Nearly the entire country gets it wrong on the minimum wage

Op-EdAppeared in The Hill on December 14, 2018By Elaine Parker

Democrats are preparing to take control of the U.S. House of Representatives for the first time in nearly a decade. For almost that long, they’ve been promising to raise the federal minimum wage. In 2014, former President Barack Obama proposed a 40-percent increase, from $7.25 per hour to $10.10. The Congressional Budget Office predicted that doing so would erase half a million jobs from the economy as employers would struggle to absorb sharply higher labor costs.

Fortunately, the plan never saw the light of day.

To the muscle-flexing Socialist wing of the incoming Democrat majority, led by Vermont Senator Bernie Sanders and Representative-elect Alexandria Ocasio-Cortez (I-NY), the Obama plan was stingy. Instead, they want to more than double the rate to $15, which they call a “living wage” — the amount of income that would allow low-wage workers to raise their families.

Can employers afford to pay more than twice as much for entry-level labor? The CBO methodology would suggest millions of lost jobs as a result.

Practical experience in places like Seattle, where workers are actually losing money under a similar plan, would seem to support the CBO. However, let’s put aside the economics for a moment.

The question that no one seems to be asking is whether families struggling to make ends meet on $7.25 per hour is really a national crisis that demands action. The Democrats want us to believe that it is. Many Americans do. But, they’re wrong.

According to the Bureau of Labor Statistics, there are 80 million Americans 16 years or older who are paid an hourly wage. Among them, 2.3 percent make the federal minimum or under. According to our research, however, 86 percent of Americans overestimate that figure. In fact, the largest block of respondents think 30 percent of Americans are making the minimum wage.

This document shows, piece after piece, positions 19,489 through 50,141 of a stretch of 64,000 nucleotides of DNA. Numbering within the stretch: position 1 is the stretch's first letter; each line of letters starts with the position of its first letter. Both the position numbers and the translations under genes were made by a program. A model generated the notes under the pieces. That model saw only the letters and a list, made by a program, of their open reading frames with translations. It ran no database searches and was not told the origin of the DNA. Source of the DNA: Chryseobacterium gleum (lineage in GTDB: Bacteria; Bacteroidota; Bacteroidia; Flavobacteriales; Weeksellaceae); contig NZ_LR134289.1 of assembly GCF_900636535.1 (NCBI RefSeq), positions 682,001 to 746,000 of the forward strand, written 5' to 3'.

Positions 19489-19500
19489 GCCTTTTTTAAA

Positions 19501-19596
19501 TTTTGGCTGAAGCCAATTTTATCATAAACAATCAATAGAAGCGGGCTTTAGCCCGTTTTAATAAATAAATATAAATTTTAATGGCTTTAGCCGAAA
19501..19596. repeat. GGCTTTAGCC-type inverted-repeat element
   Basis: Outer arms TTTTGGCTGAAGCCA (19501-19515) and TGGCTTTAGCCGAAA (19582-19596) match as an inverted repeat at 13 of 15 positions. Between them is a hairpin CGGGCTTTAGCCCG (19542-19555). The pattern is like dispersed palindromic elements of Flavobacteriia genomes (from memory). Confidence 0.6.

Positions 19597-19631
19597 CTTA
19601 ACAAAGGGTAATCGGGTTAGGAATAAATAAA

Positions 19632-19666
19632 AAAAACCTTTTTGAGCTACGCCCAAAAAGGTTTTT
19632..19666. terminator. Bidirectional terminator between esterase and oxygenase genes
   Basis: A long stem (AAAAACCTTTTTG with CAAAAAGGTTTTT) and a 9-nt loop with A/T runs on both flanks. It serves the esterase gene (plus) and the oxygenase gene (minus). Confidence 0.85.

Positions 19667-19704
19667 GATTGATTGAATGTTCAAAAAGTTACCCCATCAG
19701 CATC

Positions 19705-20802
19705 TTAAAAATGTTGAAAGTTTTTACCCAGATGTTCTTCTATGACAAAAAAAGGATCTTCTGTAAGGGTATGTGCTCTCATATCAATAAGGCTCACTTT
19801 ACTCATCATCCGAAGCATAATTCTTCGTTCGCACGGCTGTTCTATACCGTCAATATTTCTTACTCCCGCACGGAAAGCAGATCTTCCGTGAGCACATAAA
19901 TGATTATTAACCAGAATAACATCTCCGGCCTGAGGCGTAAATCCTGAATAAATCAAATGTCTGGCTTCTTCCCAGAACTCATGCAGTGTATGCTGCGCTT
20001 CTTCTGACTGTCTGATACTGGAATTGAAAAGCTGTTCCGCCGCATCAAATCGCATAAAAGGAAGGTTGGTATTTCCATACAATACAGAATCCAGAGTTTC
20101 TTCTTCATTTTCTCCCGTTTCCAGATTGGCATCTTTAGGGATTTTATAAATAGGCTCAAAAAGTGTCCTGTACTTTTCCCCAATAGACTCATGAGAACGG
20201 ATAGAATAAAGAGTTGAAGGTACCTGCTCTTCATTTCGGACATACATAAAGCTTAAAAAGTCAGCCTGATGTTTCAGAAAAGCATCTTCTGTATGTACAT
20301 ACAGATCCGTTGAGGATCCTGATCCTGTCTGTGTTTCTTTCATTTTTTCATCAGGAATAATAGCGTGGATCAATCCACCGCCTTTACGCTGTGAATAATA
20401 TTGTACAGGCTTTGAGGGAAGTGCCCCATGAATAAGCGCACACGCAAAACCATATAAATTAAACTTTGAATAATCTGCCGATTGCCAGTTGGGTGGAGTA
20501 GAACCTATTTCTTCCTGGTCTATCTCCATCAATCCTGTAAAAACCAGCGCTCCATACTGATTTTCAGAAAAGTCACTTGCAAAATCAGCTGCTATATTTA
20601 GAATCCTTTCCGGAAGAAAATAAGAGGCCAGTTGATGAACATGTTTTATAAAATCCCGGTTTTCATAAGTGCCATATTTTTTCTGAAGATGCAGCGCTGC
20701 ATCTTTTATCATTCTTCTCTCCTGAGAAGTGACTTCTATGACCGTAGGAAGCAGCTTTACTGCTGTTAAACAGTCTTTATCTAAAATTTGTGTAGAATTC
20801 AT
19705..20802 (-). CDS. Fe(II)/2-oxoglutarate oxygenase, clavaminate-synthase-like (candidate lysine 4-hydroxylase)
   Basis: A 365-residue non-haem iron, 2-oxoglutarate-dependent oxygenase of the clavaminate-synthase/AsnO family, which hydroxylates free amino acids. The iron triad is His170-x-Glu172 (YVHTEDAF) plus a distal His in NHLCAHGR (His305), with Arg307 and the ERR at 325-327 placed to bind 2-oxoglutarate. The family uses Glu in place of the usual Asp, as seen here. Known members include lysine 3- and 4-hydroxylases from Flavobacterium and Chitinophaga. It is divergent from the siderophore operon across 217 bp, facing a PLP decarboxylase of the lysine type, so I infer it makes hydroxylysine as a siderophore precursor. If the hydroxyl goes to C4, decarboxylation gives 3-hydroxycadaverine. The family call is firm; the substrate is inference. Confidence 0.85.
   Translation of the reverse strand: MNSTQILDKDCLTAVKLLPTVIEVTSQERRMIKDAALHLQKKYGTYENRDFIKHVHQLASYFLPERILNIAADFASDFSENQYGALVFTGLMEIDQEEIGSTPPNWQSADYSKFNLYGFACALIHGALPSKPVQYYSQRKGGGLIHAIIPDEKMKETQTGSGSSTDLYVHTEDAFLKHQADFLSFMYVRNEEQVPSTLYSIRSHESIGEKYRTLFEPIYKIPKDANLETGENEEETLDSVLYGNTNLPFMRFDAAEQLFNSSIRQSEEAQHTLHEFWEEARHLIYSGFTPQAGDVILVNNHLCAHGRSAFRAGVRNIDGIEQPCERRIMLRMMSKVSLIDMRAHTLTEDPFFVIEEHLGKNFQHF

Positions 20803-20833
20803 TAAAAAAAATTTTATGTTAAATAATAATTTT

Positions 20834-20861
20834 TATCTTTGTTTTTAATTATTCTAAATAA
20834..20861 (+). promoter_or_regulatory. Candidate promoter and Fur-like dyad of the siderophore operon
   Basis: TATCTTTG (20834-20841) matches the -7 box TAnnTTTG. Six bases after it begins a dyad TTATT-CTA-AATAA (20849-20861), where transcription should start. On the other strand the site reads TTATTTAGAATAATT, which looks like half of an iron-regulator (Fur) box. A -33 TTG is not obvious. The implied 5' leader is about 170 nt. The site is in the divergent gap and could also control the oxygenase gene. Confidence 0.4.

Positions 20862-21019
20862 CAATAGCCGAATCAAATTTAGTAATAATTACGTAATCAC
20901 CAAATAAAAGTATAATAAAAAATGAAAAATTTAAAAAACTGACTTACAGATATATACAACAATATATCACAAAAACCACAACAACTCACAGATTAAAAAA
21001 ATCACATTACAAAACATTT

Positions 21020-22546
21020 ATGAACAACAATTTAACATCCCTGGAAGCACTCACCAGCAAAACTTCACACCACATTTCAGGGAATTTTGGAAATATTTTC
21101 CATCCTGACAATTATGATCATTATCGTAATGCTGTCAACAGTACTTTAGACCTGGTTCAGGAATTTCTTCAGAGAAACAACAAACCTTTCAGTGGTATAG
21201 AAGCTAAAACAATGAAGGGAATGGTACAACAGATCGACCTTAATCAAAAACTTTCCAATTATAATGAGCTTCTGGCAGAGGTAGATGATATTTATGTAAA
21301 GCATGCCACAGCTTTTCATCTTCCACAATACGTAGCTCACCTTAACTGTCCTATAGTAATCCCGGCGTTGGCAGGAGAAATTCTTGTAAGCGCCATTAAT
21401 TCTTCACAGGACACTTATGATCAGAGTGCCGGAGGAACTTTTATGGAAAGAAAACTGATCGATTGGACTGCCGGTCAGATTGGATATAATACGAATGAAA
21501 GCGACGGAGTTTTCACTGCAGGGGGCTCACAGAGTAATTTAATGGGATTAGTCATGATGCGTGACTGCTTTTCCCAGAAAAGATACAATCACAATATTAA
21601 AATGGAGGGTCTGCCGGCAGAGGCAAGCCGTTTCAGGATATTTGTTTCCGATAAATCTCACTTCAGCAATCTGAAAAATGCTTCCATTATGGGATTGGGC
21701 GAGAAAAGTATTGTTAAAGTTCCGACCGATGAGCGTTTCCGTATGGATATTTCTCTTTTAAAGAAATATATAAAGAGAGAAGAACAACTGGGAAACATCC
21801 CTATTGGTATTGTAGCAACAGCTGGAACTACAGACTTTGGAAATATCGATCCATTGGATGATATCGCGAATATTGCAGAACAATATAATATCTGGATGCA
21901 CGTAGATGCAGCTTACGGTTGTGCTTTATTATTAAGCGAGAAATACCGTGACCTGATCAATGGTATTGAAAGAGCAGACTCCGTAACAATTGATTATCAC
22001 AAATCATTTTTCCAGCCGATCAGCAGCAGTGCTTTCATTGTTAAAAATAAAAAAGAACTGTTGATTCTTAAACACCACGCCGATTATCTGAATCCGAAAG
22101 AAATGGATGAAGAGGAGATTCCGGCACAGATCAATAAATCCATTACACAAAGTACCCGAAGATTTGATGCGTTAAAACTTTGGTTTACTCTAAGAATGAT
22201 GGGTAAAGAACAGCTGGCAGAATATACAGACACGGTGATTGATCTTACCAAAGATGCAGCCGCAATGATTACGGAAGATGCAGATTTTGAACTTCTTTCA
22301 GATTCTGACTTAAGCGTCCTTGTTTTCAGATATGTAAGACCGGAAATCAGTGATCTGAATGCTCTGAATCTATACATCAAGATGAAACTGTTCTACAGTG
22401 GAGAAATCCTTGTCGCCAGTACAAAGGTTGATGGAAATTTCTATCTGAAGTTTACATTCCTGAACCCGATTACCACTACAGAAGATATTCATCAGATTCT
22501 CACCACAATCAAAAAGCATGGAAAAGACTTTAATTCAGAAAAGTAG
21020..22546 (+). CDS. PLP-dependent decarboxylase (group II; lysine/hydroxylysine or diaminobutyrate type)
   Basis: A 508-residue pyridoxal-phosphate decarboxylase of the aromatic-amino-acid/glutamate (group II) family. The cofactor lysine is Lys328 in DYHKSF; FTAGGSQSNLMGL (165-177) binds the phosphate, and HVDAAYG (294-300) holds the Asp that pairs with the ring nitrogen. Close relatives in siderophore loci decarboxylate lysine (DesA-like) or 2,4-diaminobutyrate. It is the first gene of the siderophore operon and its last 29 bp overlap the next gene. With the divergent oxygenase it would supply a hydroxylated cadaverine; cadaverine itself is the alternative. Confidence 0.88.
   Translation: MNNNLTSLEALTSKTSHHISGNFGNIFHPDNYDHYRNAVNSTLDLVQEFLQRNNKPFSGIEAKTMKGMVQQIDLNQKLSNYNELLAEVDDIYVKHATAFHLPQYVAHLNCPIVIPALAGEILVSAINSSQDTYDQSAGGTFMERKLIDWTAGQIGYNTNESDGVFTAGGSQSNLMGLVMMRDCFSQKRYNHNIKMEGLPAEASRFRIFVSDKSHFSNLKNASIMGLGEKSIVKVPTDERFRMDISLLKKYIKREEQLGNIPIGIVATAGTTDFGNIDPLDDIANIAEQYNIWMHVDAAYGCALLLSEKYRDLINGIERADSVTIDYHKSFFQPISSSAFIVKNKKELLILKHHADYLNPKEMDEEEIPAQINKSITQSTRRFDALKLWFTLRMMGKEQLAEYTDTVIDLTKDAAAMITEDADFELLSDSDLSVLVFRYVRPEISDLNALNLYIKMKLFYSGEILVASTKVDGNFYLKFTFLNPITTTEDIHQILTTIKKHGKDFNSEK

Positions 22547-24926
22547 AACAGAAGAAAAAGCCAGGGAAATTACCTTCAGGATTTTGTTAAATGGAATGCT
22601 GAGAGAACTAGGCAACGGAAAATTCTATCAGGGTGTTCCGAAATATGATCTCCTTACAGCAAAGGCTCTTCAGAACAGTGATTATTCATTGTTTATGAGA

Of hourly wage workers who are 25 years or older, only 1.4 percent earn the minimum wage or below. Yet, our survey found that 87 percent of Americans think that figure is higher, with almost three quarters saying it’s in the double digits.

Teenagers, naturally, are the largest group of minimum wage earners. They’re also the group most at risk from a massive increase in the minimum wage. Entry-level jobs are more valuable to them than the paychecks. It’s the first rung on the ladder of life, where teens get the experience, skills, and work habits necessary to make a real “living wage” in the future. Doubling the wage to $15 will price teenagers out of the labor market. They could never compete with older adults with more education, higher skills, and more experience.

The disconnect between what Americans think they know about the minimum wage and the actual data is astonishing. No matter which group we asked about in our survey, roughly nine out of 10 Americans wildly overestimated the number of people making the minimum wage. And this is the Democrats’ great advantage. They and the activists who frequently stage protests have created a myth — that millions of their neighbors are struggling to make ends meet on the federal minimum wage. Based on the facts, that’s not merely an exaggeration. It’s a falsehood.

Republicans in Congress must counter that falsehood with the truth: the minimum wage is a training wage; it isn’t meant for raising families. And as a matter of fact, there are very few adults, or for that matter, teenagers, who are actually making $7.25 per hour. On the other hand, there are millions of small businesses that rely heavily on entry-level, part-time hourly workers. Most pay more than the minimum wage, but less than $15 per hour. In other words, they pay their workers what they can, based on what their customers are willing to pay for the services.

Raising the minimum wage to $15 an hour is a solution in search of a problem. In fact, it will crush small businesses and hurt many of the people whom the advocates pretend to be helping.

Elaine Parker is President of the Job Creators Network Foundation.